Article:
Wednesday, April 6, 2016


One of the big venues of the Tucson Shows is held at the Hotel Tucson City Center (HTCC).  The 292 vendors come from around the world and sell a variety of minerals, rocks, fossils, shipping boxes, books etc.  Unlike some venues, for example Kino, the vendors are selling treasures with a geology connection.  I believe these vendor standards are due to the promoter, Coloradan Marty Zinn.

Many of these HTTC vendors are selling high end minerals and fossils.  For example, Joe Dorris from Colorado Springs had some great specimens of amazonite and smoky quartz pulled from his discoveries near Lake George west of the Springs.  Other dealers sold a variety of very fine, museum-quality, dinosaur casts.  If buyers wanted the “real thing” Glen Rockers of Hays, Kansas, offered some very nice vertebrate fossils he collected from the Smoky Hill Chalk Member of the Niobrara Formation (Cretaceous).  Rockers collects on private land in western Kansas; therefore, the collection of vertebrate fossils is quite legal.  It is only on public land that the collection of vertebrate fossils is illegal.
This vendor had a great display of blue tanzanite, the gem variety of the mineral zoisite. I find it interesting that many brochures and jewelers comment on the great scarcity of tanzanite and how the mining of the mineral is just “drying up.”  However, there are thousands of specimens, both raw and faceted, for sale each year at the major shows.  I would like purchase a nice piece; however, the specimens are well out of my price range!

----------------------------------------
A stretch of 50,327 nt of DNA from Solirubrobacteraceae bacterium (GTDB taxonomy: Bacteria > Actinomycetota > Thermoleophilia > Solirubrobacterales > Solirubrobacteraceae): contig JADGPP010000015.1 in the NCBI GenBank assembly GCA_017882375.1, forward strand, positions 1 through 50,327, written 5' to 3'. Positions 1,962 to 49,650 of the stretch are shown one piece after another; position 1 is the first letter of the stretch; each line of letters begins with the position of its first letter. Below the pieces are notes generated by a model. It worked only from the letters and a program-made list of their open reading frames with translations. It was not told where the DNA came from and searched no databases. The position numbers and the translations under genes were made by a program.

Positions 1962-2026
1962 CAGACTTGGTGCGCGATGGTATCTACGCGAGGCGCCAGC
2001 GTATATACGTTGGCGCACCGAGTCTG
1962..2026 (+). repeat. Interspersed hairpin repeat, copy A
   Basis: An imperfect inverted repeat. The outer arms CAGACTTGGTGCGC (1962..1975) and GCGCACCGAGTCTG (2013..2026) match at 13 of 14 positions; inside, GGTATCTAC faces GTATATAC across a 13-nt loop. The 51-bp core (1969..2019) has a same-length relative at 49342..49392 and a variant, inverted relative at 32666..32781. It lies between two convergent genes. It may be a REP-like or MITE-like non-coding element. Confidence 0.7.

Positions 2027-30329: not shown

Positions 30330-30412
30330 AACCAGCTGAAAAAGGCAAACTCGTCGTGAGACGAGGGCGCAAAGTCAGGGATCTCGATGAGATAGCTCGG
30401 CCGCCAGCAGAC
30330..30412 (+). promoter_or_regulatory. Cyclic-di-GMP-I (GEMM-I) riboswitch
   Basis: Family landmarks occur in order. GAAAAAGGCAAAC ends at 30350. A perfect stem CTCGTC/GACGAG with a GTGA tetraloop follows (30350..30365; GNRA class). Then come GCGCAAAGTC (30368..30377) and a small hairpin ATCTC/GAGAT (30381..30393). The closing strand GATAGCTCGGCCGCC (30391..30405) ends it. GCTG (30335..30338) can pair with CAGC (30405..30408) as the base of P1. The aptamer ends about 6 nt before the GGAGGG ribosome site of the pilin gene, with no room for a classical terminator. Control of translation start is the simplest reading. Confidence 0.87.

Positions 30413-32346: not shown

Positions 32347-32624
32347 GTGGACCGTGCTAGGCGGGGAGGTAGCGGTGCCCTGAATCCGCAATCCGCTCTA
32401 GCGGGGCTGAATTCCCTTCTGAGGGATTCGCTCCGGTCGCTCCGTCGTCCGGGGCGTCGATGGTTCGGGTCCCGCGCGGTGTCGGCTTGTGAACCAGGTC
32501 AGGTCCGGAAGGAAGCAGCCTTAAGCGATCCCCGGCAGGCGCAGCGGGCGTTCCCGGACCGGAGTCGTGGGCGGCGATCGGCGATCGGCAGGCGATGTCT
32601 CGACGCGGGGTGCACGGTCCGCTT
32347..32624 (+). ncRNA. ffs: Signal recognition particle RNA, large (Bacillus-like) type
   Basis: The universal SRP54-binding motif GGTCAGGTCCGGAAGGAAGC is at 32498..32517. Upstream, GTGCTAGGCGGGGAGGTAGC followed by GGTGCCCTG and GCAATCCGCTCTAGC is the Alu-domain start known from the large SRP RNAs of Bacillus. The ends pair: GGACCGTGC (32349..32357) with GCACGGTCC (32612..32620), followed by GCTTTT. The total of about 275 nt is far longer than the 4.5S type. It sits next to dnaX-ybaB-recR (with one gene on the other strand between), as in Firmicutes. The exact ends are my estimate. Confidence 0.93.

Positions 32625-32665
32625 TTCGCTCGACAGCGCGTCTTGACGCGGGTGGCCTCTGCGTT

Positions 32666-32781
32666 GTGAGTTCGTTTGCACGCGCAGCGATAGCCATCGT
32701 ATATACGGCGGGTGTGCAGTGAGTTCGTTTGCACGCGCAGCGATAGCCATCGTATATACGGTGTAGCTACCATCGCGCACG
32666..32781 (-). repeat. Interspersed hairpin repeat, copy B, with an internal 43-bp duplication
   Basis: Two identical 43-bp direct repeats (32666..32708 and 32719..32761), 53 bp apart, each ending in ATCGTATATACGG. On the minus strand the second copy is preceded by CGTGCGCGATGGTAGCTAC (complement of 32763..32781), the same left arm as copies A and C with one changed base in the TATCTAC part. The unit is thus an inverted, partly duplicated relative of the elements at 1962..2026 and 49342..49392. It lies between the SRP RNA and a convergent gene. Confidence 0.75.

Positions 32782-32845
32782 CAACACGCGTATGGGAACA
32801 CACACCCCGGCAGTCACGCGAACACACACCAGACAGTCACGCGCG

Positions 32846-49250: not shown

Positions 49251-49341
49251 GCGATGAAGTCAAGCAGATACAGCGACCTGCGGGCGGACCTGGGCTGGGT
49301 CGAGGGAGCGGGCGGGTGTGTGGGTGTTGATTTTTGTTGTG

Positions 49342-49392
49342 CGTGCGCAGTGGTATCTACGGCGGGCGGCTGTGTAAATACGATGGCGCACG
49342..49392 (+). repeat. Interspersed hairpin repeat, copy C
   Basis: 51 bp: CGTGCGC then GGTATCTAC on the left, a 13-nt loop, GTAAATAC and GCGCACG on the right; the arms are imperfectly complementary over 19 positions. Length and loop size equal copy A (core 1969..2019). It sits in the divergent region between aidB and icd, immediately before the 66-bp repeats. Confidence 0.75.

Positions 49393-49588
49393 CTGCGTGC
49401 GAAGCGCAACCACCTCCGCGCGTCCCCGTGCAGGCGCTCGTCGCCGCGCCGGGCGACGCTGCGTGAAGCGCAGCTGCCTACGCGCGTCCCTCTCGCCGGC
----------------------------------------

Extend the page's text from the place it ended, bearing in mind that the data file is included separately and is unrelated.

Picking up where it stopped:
The vendors at the show display their wares in the large ballrooms as well as most of the hotel rooms. 

This is an interesting specimen of quartz.  Does not look like quartz?  Well it is a pseudomorph after anhydrite.

Every kid interested in dinosaurs would love this replica of a poor ole plant eater being zipped by a couple of small raptors.

Nice therapod (meat eater) skull.  Note those massive shearing Nice therapod (meat eater) skull.  Note those massive shearing teeth.

This display is available every year and I love it.  There are fake Moroccan trilobites, and other critters, all over the place.  It is hard to say but a good guess might be 75%? 

This is a “real” fossil from the western Kansas chalk beds (Niobrara Formation): Xiphactinus, the “Bulldog Fish.” 

Glen Rockers of always has nice displays of Cretaceous vertebrate fossils from the Kansas chalk beds.

A portion of a fossil cycad collected from Lower Cretaceous rocks in the southern Black Hills of South Dakota.  Cycad National Monument was created in 1922; however, without much supervision (by the local ranchers only) collectors simply pilfered most of the available specimens.  The Monument was decommissioned in 1957.  When I visited the area in 1966 a few pieces of the fossil plants were still around.  Specimen is from the Black Hills Institute of Hill City, South Dakota.